There are distinct advantages to being a pragmatic optimist, the greatest of which is that I don’t tend to dwell on things I cannot change. I’ve grown more adept at this very thing because of my chosen career; when there’s so much rejection involved, reams and reams of it with not a single acceptance in sight, one does well not to linger.
So that’s the attitude I’m taking with the failed round of IVF. It failed. That was bad. And now we have no choice but to move on to the things we can do and the results that perhaps we can change. These opportunities all lie up ahead, somewhere in the reliably uncertain future, not sitting back there with last Friday, which I can’t edit and have over. It’s all very well in juvenile fiction, but in real life, it’s the last word in futile hanging on to all those Choose Your Own Adventure-type alternate endings when in fact you’ve already turned the page. I don’t like wasting my own time, nor anyone else’s, so I sort of packed up the pity picnic and left the crumbs for the ants.
My internal keel began reasserting its well-engineered will sometime on Friday afternoon, when I decided I needed to accomplish just one positive thing to end the day bobbing upright. So after receiving the Darkling stamp of approval (and you know, I’d really quite like us to have an official wax seal…), I sent off that short story I began back in November or December. I’ve entered it into a short story competition – a folly, perhaps, especially given my track record, but oddly the mere act of dropping it in a postbox made me feel better. I guess because it shows I am determined to keep trying. In many ways this determination is out of my hands; I don’t consciously cultivate my appetite, it’s just there, part of my make-up. I am voracious in most things.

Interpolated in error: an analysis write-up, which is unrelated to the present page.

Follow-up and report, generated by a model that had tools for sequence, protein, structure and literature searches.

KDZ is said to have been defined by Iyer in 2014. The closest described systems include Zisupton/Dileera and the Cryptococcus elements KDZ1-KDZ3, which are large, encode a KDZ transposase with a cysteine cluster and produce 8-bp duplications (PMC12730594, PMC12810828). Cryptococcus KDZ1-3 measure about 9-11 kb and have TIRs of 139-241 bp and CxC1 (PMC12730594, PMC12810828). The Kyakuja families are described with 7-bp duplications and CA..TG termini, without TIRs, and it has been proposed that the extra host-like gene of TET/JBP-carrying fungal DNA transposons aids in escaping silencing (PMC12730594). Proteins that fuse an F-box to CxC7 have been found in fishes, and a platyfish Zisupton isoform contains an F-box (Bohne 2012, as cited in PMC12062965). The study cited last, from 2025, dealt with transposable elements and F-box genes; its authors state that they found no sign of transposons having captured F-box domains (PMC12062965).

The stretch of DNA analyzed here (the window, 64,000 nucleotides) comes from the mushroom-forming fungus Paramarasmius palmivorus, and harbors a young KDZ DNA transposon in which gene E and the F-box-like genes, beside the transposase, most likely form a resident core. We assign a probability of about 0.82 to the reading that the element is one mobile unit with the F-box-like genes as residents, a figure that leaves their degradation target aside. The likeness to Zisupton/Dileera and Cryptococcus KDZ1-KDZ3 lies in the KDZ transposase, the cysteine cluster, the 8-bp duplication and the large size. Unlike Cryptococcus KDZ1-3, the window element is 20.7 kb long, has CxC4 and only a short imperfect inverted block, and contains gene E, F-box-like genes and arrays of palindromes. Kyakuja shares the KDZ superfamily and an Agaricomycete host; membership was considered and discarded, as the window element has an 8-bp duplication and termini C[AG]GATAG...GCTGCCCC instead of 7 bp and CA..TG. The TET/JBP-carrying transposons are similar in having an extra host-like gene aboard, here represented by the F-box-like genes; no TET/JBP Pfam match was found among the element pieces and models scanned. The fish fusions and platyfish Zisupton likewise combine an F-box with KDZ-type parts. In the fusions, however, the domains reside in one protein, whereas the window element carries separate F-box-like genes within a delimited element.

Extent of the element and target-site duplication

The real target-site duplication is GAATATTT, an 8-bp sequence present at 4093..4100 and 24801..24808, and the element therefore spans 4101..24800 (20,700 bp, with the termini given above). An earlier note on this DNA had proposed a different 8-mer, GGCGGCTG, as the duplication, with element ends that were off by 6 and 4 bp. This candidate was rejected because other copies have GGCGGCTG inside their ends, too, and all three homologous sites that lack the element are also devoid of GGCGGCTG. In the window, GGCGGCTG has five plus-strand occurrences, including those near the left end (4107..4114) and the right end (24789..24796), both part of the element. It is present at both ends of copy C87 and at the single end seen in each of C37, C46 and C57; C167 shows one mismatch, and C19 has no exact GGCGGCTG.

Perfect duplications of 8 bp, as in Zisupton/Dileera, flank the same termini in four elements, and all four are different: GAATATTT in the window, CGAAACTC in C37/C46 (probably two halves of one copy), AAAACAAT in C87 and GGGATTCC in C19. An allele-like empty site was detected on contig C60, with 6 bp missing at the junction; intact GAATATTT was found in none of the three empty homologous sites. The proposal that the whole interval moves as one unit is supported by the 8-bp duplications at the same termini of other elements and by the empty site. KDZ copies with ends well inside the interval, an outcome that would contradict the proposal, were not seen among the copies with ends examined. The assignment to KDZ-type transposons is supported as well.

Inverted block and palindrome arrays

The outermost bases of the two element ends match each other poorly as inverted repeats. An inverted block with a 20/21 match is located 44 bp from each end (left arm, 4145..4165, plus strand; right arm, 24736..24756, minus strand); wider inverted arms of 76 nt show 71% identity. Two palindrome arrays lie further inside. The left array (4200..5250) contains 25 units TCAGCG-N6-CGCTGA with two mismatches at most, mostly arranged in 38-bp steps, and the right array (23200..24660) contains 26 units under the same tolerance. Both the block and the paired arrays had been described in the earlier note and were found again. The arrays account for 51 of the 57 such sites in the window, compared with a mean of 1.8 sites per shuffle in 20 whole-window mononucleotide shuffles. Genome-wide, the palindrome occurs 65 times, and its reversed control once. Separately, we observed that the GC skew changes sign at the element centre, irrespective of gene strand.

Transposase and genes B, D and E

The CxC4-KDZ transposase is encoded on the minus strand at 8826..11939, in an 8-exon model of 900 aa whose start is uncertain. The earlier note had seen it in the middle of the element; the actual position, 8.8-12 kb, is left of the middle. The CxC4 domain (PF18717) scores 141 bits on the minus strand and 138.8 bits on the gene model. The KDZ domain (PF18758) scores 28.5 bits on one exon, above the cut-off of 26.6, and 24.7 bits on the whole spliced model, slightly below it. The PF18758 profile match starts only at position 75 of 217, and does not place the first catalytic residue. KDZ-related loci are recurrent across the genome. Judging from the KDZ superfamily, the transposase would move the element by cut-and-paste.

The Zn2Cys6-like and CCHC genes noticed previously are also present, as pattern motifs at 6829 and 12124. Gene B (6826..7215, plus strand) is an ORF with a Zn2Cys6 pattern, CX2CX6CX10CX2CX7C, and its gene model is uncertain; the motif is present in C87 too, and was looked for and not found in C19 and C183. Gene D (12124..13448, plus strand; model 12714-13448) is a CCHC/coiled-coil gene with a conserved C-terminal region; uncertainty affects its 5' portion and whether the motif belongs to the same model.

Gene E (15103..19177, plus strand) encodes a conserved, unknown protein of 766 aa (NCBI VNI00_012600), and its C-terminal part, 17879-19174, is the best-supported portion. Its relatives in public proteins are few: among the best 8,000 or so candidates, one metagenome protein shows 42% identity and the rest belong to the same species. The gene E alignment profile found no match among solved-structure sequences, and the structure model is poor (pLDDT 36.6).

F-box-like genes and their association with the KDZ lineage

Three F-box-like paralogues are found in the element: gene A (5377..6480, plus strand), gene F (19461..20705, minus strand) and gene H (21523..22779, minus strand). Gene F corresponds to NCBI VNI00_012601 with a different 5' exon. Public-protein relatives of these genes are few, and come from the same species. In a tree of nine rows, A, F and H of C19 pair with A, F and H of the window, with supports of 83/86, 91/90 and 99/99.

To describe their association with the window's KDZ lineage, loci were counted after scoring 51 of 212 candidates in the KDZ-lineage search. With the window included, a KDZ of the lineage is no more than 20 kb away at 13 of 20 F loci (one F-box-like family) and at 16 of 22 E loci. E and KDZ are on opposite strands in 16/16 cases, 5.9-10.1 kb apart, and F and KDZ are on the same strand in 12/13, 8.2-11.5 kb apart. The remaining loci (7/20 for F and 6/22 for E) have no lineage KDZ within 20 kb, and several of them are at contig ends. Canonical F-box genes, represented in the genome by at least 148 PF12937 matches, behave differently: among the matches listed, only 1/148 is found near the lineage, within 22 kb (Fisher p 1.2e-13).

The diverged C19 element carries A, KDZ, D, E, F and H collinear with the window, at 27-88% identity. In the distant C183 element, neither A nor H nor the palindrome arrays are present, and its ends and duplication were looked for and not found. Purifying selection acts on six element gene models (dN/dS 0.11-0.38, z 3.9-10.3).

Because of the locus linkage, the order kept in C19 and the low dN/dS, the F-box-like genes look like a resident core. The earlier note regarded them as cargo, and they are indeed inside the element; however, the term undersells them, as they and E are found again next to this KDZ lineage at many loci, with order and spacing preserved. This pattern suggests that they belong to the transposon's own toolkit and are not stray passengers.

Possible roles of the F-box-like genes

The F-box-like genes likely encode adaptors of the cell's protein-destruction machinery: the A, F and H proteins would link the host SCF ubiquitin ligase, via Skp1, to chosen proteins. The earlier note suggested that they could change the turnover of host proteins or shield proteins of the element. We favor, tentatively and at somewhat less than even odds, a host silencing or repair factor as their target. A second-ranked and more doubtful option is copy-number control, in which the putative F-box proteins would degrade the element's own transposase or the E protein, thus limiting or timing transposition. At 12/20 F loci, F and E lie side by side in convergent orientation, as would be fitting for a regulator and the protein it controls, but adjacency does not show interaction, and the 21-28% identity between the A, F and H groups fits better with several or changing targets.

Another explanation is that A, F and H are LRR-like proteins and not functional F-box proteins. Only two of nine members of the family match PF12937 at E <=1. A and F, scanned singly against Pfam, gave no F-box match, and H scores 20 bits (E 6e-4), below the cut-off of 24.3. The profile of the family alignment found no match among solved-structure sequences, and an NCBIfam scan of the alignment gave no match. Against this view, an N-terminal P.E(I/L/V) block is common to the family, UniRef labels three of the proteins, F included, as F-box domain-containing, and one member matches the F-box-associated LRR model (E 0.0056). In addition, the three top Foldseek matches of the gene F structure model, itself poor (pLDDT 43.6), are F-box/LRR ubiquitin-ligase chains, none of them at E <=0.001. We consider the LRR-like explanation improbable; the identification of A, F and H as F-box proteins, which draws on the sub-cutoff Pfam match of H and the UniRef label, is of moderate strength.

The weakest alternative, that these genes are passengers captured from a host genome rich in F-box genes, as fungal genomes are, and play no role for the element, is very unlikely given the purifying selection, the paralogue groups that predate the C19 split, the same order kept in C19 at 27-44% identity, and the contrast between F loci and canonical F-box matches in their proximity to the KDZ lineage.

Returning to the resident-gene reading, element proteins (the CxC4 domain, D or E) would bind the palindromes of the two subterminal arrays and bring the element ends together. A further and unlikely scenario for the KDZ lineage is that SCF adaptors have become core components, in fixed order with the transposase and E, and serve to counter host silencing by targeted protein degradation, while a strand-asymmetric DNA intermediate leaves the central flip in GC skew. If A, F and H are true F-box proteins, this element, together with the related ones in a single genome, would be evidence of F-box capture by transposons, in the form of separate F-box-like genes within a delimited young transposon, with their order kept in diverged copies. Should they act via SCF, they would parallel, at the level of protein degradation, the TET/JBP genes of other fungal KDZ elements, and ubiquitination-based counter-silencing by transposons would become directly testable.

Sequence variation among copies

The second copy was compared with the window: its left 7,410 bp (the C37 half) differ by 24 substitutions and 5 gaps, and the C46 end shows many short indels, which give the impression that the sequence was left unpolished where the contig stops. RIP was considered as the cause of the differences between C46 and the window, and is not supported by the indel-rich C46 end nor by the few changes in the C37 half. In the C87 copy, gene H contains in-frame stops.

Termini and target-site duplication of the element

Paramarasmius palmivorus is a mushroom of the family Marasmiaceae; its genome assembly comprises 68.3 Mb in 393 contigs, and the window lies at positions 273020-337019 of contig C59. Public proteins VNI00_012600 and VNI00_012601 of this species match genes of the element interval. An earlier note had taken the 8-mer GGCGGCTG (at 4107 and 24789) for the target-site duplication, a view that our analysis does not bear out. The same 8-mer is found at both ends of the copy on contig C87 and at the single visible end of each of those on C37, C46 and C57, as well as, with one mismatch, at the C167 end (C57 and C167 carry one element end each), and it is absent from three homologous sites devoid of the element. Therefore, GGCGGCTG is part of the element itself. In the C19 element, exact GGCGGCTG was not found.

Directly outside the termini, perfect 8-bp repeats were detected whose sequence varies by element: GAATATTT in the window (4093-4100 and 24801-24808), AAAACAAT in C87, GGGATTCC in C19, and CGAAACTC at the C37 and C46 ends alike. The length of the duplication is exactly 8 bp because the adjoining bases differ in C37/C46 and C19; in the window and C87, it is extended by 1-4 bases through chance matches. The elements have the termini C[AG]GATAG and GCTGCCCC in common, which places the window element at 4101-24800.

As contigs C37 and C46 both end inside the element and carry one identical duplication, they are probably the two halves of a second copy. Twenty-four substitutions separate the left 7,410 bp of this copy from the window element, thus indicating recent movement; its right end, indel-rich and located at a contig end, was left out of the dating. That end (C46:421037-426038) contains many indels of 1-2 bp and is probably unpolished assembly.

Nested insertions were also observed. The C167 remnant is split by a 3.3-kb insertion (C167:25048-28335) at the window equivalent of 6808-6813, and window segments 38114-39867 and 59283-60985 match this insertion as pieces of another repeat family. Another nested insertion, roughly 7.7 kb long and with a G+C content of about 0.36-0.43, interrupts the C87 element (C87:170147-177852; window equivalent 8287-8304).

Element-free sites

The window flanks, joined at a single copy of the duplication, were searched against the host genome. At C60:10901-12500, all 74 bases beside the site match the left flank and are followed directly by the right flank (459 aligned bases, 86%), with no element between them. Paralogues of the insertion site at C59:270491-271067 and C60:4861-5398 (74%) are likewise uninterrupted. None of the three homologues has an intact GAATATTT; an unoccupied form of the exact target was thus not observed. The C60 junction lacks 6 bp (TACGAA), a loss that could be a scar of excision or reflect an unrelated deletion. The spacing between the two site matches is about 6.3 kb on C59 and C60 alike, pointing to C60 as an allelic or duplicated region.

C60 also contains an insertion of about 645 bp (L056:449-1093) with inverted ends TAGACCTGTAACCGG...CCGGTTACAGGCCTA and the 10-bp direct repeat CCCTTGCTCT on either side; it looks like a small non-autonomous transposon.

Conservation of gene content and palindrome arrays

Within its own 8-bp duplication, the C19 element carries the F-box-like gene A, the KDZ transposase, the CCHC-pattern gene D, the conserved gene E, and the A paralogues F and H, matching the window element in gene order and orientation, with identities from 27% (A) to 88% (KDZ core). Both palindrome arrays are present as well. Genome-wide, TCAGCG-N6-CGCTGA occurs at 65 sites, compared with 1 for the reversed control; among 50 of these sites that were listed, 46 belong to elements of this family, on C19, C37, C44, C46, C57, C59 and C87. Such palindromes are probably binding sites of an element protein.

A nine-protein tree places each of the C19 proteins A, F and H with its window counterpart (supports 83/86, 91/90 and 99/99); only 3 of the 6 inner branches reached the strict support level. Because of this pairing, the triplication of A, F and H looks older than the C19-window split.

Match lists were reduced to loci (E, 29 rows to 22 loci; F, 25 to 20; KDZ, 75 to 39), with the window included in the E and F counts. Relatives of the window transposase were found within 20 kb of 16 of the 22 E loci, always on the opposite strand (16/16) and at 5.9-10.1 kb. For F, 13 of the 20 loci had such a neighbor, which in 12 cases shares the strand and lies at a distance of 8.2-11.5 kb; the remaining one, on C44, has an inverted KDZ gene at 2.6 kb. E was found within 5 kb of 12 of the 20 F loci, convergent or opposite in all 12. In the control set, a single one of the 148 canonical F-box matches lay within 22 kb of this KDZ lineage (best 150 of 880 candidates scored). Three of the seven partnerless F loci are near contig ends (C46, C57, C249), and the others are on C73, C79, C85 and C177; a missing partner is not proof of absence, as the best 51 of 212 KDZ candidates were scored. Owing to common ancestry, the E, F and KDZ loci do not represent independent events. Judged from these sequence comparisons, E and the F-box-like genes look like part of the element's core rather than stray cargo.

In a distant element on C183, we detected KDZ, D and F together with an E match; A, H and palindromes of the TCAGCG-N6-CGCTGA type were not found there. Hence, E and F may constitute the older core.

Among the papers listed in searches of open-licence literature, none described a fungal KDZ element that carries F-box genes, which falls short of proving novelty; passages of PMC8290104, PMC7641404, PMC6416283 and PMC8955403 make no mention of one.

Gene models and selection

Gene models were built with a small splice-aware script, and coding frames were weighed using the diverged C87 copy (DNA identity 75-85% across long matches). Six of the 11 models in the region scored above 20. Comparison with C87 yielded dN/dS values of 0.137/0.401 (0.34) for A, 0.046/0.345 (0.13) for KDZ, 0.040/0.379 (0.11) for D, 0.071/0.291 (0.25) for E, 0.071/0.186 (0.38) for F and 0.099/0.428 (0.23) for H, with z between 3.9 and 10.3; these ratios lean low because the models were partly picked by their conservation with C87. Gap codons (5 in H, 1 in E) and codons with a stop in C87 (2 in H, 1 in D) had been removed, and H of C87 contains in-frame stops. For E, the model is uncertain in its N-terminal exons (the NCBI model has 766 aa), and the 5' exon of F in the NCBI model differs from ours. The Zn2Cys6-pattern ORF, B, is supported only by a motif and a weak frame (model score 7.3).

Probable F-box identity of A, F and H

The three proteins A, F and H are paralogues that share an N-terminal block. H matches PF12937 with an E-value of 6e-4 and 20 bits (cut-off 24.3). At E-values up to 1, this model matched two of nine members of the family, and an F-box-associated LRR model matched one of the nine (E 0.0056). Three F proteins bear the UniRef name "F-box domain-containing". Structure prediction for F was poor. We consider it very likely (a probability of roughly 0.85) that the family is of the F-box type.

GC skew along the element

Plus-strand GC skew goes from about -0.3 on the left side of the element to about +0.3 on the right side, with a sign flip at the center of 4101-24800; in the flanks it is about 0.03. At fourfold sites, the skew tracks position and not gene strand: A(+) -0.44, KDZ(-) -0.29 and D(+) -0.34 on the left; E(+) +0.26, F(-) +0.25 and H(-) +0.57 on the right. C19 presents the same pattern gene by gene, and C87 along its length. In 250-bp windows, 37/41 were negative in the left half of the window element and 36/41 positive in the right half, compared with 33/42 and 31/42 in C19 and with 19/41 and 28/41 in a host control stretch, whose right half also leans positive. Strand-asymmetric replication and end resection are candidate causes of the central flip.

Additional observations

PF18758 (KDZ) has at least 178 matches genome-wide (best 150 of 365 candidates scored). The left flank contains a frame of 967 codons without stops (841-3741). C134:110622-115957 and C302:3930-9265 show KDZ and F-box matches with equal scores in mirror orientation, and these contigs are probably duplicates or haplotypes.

So as with other disappointments in my life, the sad, sick, hopeless feeling just started breaking away, rather like a weak plaster-cast, sometime Friday night. I spent the evening with Llew and three of our great friends, and as the evening progressed and the laughter warmed my blood, I began to see that behind the crumbling clay lay my sterner stuff, intact and fighting for air. I was very glad to see it, and I spent the remainder of the weekend shaking off the dust and tearing at the suffocating prison of obsessing about things that cannot be.
Now I feel free to begin again. I can’t know the outcome, but that shan’t dissuade the attempt. After all, trying is half the fun.
Thanks everyone for all your kind thoughts and collective wisdom – you are quite a team!